A better way to make the Fermat test more accurate is to realize that if an odd number n is prime, then the number 1 has just two square roots modulo n: 1 and 1. So the square root of a^{n1}, a^{(n1)/2} (since n will be odd), is either 1 or 1. (We actually could calculate which it should be using the Jacobi symbol, see the glossary page on Euler PRP's, but we wish to develop a stronger test here.) If (n1)/2 is even, we can easily take another square root... Let's make this into an algorithm:
Write n1 = 2^{s}d where d is odd and s is nonnegative: n is a strong probableprime base a (an aSPRP) if either a^{d} ≡ 1 (mod n) or (a^{d})^{2r} ≡ 1 (mod n) for some nonnegative r less than s.
Again all integers n > 1 which fail this test are composite; integers that pass it might be prime. The smallest odd composite SPRP's are the following.
A test based on these results is quite fast, especially when combined with trial division by the first few primes. If you have trouble programming these results Riesel [Riesel94, p100] has PASCAL code for a SPRP test, Bressoud has pseudocode [Bressoud89, p77], and Langlois offers CCode. See the glossary page "Strong PRP" for more information.
It has been proven ([Monier80] and [Rabin80]) that the strong probable primality test is wrong no more than 1/4th of the time (3 out of 4 numbers which pass it will be prime). Jon Grantham's "Frobenius pseudoprimes" can be used to create a test (see [Grantham98]) that takes three times as long as the SPRP test, but is far more than three times as strong (the error rate is less than 1/7710).
Individually these tests are still weak (and again there are infinitely many aSPRP's for every base a>1 [PSW80]), but we can combine these individual tests to make powerful tests for small integers n>1 (these tests prove primality):
To make a quick primality test from these results, start by dividing by the first few primes (say those below 257); then perform strong primality tests base 2, 3, ... until one of the criteria above is met. For example, if n < 25,326,001 we need only check bases 2, 3 and 5. This is much faster than trial division because someone else has already done much of the work, but will only work for small numbers (n < 10^{16} with the data above).
Note that these results can be strengthened by not treating them as separate tests, but rather realizing we are finding square root of 1. For example, n = 46,856,248,255,981 is a 2 and 7 pseudoprime, but
2^{(n1)/4} ≡ 34456063004337 (mod n), and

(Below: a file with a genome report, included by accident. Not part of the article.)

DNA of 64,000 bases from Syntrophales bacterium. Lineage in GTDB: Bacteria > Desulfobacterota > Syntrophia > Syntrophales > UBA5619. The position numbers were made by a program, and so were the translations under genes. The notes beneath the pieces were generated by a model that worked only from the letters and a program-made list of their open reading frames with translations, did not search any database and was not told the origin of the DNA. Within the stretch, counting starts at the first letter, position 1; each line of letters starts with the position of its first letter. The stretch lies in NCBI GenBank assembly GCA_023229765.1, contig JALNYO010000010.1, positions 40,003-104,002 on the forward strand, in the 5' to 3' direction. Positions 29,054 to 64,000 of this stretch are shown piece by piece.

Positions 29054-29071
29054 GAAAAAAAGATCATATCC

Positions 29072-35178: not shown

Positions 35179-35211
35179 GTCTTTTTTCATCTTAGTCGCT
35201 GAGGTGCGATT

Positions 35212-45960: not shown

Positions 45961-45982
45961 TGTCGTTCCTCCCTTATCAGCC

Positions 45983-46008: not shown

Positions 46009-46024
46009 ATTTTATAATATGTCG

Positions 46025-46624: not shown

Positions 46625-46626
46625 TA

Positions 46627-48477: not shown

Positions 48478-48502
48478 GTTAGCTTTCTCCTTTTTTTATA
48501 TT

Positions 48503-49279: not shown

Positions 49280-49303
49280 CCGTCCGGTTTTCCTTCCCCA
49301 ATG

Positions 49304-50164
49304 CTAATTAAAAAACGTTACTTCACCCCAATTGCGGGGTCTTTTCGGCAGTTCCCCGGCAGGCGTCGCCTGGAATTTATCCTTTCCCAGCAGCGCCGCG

7^{(n1)/4} ≡ 21307242304265 (mod n).
The square of both of these is 1. If n were prime, then it would have only two square root and the above would be equal or negatives of each other; yet gcd(n,3445606300433721307242304265) = 4840261 and we have factored n.
Finally, there is a fair amount more that could (and should) be said. We could discuss Euler pseudoprimes and their relationship with SPRP's. Or we could switch
to the "plus side" and discuss Lucas pseudoprimes, or Fibonacci pseudoprimes, or the important combined tests... but that would take a chapter of a bookand it has already been well written by Ribenboim [Ribenboim95]. Let us end this section with one last result:
Miller's Test [Miller76]: If the extended Riemann hypothesis is true, then if n is an aSPRP for all integers a with 1 < a < 2(log n)^{2}, then n is prime.
The extended Riemann hypothesis is far too complicated for us to explain herebut should it be proven, then we would have a very simple primality test. Until it is proven, we can at least expect that if n is composite, we should be able to find an a that shows it is composite (a witness) without searching "too long." Most surveys cover Miller's test (often with the constant 70 from [Osterle1979] as Miller's article just said O((log n)^{2})); the improvable constant 2 is due to Bach [Bach85], see also [CP2001, pp. 129130]. Note that heuristically Bach and Huelsbergen [BH1993] argue that we should be able to replace the bound in Miller's test with a bound near:
(log 2)^{1} log n log log n.
Note that there is no finite set of bases that will work in Miller's test. In fact, if for n composite we let W(n) denote the least witness for n (the least a which shows n is composite), then there are infinitely many composite n with
W(n) > (log n)^{1/(3 log log log n)} [AGP94]